Museums Are Safer than Restaurants, a German Study Says

Ed Ruscha, Norm's La Cienega on Fire, 1964. The Broad

Uffizi Gallery director Eike Schmidt is talking up a German study that claims that visiting a museum is less likely to spread COVID than dining, shopping, or other activities. The Italian museum was recently shut down just two weeks after it reopened, due to a surging case count in Tuscany.

Because it is usually impossible to determine where someone contracted COVID, there are no real-world data on the risks of particular activities. The German study, led by Martin Kriegel of the Technische Universit├Ąt Berlin, is based on a mathematical model that takes into account such factors as the amount of time spent in a given space, how many people are masked, and whether participants are talking or breathing heavily, as in a gym. Schools and open-plan offices are judged the most dangerous, though this reflects the fact that most people spend the whole day there. 

According to this analysis, a museum visit at 30 percent capacity with everyone wearing a mask is safer than almost any other activity studied, including a hair salon appointment, eating in a restaurant at 25 percent capacity, a supermarket visit, or a commute on public transportation.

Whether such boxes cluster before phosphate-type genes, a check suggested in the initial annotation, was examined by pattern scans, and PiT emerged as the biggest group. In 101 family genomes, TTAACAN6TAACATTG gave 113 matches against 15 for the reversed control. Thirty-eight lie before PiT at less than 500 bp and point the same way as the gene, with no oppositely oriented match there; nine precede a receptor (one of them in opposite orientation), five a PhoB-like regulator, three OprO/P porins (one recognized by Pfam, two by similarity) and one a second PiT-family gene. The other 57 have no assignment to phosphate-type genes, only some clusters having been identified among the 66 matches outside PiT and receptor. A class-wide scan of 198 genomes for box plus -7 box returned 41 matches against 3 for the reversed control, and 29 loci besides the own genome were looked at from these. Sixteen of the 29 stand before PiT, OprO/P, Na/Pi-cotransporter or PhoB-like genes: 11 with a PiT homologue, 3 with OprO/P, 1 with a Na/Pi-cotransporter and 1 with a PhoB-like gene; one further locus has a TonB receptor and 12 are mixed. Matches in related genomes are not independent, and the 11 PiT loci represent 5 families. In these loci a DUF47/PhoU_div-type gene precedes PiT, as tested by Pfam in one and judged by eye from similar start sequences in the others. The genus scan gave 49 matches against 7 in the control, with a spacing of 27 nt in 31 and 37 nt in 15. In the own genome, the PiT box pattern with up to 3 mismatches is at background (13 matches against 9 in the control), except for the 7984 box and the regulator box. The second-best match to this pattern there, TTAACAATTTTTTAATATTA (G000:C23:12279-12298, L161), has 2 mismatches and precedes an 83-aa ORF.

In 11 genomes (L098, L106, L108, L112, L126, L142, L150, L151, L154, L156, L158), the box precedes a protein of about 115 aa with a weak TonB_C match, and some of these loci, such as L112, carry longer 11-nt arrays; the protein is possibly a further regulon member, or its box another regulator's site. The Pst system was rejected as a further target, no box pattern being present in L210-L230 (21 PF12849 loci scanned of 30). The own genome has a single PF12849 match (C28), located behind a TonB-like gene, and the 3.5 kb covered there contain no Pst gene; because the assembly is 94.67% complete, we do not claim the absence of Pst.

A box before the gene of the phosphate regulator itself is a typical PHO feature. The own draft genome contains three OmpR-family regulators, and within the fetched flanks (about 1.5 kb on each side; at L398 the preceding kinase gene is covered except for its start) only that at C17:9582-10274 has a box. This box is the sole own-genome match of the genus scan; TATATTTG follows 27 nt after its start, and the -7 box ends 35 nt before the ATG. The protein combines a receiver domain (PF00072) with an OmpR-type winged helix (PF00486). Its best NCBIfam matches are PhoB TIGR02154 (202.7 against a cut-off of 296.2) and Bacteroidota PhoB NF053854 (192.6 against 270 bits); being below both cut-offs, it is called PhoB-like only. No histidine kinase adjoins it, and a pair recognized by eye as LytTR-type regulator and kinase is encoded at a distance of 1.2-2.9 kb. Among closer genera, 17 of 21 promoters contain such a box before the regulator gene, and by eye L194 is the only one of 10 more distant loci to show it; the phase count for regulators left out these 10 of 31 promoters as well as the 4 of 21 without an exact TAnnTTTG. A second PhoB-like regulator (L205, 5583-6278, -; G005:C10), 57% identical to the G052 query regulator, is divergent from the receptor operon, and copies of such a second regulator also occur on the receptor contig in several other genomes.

Los Angeles' museums have been on lockdown for over 11 months.

Comments

Anonymous said…
Meanwhile, I read that the Metropolitan has a shortfall of around $150 million and its director has implied it would be wrong to rule out de-accessioning some of the museum's artworks in order to make up for the red ink.

I'm glad that LACMA, by contrast, has a really healthy budget not impacted by things like a rip-shred-trash rebuilding program.

Thanks, Michael, let them eat cake.

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